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Bauer v. Federal Officials/Individuals

United States District Court, W.D. Wisconsin

August 19, 2016

FREDERICK W. BAUER, Petitioner,
v.
FEDERAL OFFICIALS/INDIVIDUALS, ALL 3 BRANCHES, Respondents.

          ORDER

          BARBARA B. CRABB, District Judge

         Petitioner Frederick W. Bauer filed a document entitled “Petition for Extraordinary Writ-Redress-Process-Remedy Coram Nobis” in the United States District Court for the Central District of California. That court has now transferred the petition to this court, where petitioner was convicted of criminal drug charges in the late 1980s. This is the second suit brought by petitioner that has been transferred here since April 12, 2016. The first was docketed as 16-cv-259; leave to proceed was denied in an order entered on May 5, 2016 and the case was closed.

         The present petition suffers from many deficiencies, some of which are of the same type I noted in denying petitioner’s previous filing: petitioner has been assessed three strikes for filing frivolous law suits, which means that he may not initiate a new lawsuit without paying the full filing fee for doing so, 28 U.S.C. § 1915(g); it is impossible to make out all that he is alleging or why he believes he is entitled to relief; he seems to be suggesting that he is entitled to new hearings in this court and in the Court of Appeals for the Seventh Circuit on matters that took place more than 20 years ago, despite the running of the statute of limitations on new suits; he alleges wrongdoing by a plethora of individuals who may or may not be subject to jurisdiction in this district for acts taken many years ago; and he does not identify most of the persons who are alleged to have violated his rights. On page 12 of his filing, petitioner lists 60 lawsuits in which he has been involved over the past 24 years.

         In the order docketed on May 6, 2016, denying petitioner leave to proceed on a claim against various persons for acts taken in connection with his conviction and incarceration, I noted that his proposed complaint

is long and involved, but absent any detail that would make it possible for this court to determine exactly what he is alleging and against what defendants. It is clear that he is the victim of a huge conspiracy carried out by the United States Department of Justice and its various agencies, including the Bureau of Prisons, Federal Bureau of Investigation and United States Marshals Service, but it is not at all clear who he believes took the allegedly improper actions and why. Although plaintiff could try to fix the problems by amending his complaint, he cannot fix the fact that [the] statute of limitations has long since run out on the actions plaintiff is challenging.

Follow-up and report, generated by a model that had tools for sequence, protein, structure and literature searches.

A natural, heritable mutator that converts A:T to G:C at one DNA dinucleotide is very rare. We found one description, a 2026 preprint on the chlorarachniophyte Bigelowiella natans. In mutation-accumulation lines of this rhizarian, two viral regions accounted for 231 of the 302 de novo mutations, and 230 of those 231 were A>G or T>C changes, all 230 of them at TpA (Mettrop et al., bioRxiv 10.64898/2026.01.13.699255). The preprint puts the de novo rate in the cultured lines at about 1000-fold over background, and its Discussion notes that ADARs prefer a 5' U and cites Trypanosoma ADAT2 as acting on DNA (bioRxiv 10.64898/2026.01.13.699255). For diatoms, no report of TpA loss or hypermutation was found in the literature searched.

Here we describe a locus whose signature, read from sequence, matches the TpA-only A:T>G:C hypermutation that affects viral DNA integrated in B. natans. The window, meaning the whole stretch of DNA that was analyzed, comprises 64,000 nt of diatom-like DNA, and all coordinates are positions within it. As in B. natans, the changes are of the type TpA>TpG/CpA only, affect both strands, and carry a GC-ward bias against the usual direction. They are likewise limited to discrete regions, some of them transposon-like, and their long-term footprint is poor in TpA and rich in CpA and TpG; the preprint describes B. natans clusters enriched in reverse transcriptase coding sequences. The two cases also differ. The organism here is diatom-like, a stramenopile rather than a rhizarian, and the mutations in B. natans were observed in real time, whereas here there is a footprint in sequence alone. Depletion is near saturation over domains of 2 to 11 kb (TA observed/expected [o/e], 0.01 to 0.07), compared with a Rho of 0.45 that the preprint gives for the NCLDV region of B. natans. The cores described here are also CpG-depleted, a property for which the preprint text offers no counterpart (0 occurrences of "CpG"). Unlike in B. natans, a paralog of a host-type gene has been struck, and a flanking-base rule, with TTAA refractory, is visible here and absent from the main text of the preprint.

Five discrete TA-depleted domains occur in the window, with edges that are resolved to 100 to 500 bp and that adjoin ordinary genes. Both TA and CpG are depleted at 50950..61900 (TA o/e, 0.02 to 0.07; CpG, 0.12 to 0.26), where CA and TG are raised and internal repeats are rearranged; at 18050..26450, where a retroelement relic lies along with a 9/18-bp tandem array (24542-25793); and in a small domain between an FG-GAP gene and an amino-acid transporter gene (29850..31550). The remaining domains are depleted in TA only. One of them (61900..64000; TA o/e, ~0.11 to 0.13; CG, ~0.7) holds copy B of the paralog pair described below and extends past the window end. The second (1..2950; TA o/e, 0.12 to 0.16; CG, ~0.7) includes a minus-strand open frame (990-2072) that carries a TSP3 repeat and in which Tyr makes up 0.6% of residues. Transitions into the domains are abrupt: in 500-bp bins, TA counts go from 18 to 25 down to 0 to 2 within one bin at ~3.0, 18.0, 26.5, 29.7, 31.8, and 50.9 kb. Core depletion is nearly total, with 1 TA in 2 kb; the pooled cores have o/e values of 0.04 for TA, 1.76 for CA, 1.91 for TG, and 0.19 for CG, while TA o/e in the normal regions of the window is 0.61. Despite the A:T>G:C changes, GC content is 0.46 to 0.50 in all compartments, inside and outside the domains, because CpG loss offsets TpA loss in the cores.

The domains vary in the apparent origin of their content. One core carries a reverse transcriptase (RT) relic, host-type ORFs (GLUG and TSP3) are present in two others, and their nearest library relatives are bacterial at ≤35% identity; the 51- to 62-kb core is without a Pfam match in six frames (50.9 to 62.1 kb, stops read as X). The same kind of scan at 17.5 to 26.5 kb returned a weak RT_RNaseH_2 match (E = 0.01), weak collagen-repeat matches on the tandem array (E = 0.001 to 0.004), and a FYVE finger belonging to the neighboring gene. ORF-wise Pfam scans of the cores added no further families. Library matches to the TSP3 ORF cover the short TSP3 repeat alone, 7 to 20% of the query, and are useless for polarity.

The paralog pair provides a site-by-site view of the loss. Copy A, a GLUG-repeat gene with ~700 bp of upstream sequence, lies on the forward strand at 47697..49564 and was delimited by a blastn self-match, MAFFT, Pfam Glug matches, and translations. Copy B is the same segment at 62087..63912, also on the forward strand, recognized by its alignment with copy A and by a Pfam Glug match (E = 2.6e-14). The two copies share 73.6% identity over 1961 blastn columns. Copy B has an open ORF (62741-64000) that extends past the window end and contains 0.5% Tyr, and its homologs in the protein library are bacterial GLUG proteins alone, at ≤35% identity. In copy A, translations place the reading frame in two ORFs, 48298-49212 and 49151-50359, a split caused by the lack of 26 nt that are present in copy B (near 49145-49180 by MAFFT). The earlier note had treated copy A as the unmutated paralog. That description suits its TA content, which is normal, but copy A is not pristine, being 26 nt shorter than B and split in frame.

Petitioner’s motion for post conviction relief suffers from the same problems. However, I note that included in the list of the relief petitioner wants is release from the judgment subjecting him to five years of supervised release. He has the right to be heard on the non-standard conditions of his supervision once he is released from custody. United States v. Neal, 810 F.3d 512, 514 (7th Cir. 2016). If petitioner believes that any of the non-standard conditions of supervised release imposed on him in 1988 require review to ensure that they are still appropriate after so many years, he may seek such review from this court. He is not required to pay any filing fee in order to obtain such a review. However, he should not expect to be relieved of all or even the majority of the conditions of release imposed upon him at the time of his sentencing.

         Under Rule 11 of the Rules Governing Section 2255 Proceedings, the court must issue or deny a certificate of appealability when entering a final order adverse to a petitioner. To obtain a certificate of appealability, the applicant must make a "substantial showing of the denial of a constitutional right." 28 U.S.C. § 2253(c)(2); Tennard v. Dretke, 542 U.S. 274, 282 (2004). This means that "reasonable jurists could debate whether (or, for that matter, agree that) the petition should have been resolved in a different manner or that the issues presented were adequate to deserve encouragement to proceed further." Miller-El v. Cockrell, 537 U.S. 322, 336 (2003) (internal quotations and citations omitted). Defendant has not made a substantial showing of a denial of a constitutional right so no certificate will issue.

         Although the rule allows a court to ask the parties to submit arguments on whether a certificate should issue, it is not necessary to do so in this case because the question is not a close one.

         Petitioner is free to seek a certificate of appealability from the court of appeals under Fed. R. App. P. 22, but that court will not consider his request unless he first files a notice of appeal in this court and pays the filing fee for the appeal or obtains leave to proceed in forma pauperis.

         ORDER

         IT IS ORDERED that, with one exception, petitioner Frederick W. Bauer’s petition for relief under 28 U.S.C. § 2255 is DENIED for his failure to show that he is entitled to any such relief; however, at any time during the period of his supervised release, petitioner may request a review of the non-standard conditions of release previously imposed upon him. Further, it is ordered that no certificate ...


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